numbered as to grade, arranged on a shelf
behind the bar. At that time he lived in
frugal style overthe saloon. From the retail
business he branched out into dealings in
large lots and finally developed into a whole
saler and got rich rapidly. As his wealth in
creased he changed his household quarters,
moving first into the frame building on
Michigan street, back of the Friend block,
now occupied by Robert Elliott as a grain
commission office, then to a plain but sub
stantial new frame house on Wisconsin
street, between Van Buren and Cass streets,
and next into the elegant residence which he
now occupies, on the corner of Division and
Milwaukee streets, representing capital to
the amount of over $60,000. During the
famous whiskey ring trials, a good many eyes
were turned toward Black, who it was thought
might be involved in the whirlpool of crook
edness, but the finger of the law was never
placed upon him. If he had a hand in the
intrigue for spoils at that time he was adroit
about it. Some time ago he retired from
active business and now occupies an office
in the Pfister block, on the corner of Broad
way and Wisconsin streets, with the simple
"JOHN BLACK'S OFFICE,"
on the door. Here, presumably, he cuts off
his coupons and keeps his rent and real es
tate accounts. It is currently reported that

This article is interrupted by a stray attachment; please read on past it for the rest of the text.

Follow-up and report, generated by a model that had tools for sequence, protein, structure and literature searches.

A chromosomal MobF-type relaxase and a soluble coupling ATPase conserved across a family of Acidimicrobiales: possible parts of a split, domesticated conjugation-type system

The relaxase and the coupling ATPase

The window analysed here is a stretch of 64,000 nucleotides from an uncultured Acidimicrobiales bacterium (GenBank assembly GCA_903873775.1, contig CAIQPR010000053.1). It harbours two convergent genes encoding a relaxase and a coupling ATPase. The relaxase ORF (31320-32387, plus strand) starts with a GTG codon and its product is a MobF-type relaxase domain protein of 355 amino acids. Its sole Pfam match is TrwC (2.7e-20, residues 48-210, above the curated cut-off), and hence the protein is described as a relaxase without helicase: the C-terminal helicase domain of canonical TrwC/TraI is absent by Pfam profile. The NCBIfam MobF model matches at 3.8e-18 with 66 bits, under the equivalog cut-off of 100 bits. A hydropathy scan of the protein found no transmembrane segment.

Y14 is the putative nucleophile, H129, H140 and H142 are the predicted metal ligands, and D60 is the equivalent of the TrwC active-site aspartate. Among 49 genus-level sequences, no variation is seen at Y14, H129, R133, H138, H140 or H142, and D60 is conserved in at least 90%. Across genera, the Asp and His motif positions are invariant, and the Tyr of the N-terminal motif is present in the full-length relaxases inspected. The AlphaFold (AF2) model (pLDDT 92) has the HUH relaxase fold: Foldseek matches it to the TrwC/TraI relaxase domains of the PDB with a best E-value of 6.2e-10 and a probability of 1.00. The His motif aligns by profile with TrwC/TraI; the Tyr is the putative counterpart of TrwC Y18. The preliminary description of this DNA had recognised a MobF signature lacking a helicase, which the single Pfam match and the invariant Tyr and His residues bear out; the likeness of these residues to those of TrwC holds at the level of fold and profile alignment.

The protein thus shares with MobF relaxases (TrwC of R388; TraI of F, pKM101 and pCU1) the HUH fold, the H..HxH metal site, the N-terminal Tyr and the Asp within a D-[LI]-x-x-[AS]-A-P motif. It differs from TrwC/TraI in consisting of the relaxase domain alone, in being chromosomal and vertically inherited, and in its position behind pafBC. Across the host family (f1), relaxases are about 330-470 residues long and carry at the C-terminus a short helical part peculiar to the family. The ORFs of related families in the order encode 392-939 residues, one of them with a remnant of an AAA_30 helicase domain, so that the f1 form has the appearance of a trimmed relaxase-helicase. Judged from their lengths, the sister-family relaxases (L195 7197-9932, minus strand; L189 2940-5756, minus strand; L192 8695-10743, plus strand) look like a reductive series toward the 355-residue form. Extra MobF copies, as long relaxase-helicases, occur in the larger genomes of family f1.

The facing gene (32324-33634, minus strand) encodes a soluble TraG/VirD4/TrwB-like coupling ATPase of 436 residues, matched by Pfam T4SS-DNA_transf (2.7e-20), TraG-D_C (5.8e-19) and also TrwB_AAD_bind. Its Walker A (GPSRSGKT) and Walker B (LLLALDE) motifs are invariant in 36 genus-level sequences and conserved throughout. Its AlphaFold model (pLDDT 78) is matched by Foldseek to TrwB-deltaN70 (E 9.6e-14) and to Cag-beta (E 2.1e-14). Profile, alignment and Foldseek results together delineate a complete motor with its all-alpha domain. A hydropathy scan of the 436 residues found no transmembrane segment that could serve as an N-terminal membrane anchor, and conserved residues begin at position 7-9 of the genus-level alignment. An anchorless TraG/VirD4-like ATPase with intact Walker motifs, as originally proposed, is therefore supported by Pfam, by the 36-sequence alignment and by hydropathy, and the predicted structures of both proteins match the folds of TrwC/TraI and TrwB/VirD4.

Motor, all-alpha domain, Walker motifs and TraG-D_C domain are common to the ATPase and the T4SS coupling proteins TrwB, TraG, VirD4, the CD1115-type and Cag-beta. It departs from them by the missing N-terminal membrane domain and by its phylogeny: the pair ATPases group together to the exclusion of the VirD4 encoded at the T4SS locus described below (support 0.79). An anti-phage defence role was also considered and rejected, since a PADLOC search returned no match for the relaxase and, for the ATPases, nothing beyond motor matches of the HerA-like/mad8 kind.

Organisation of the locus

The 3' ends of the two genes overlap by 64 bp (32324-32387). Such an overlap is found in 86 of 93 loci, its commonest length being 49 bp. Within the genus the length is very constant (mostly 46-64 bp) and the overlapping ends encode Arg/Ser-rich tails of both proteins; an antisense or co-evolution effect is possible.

he is just now deeply interested in whisky,
which may account for his labor for the
bonded extension bill. Mr. Black no doubt
has political aspirations, but he is aiming
higher than the mayoralty. As has been
heretofore hinted, the congressional nomina
tion would be more to his liking. Black has
a host of friends in both political parties,
and is generally put down as a good fellow
The charter election is only seventeen
days distant, but both political parties are in
a profound quandary over the mayoralty.
The names of John A. Hinsey, John L.
Mitchell and Samuel Dixon are mentioned
by the Democrats, with a strong leading for
Mitchell, although Dixon has the prestige of
experience in municipal government and
is now president of the board of aldermen.
The Republicans are talking of ex-Mayor
Thos. H. Brown. A movement to place
Mayor Stowell in the field for re-election on
a citizens' ticket has developed, and it is be
lieved Stowell will run if an issue is made
on the license question. He is for high li
cense and stringent regulations of saloons.
There are numerous candidates for the other
offices to be filled. The Democrats lean to
ward Julius Meiswinckle for comptroller,
Wm. Maywurm for treasurer and P. J. Som
ers for city attorney. Win Newell and Lem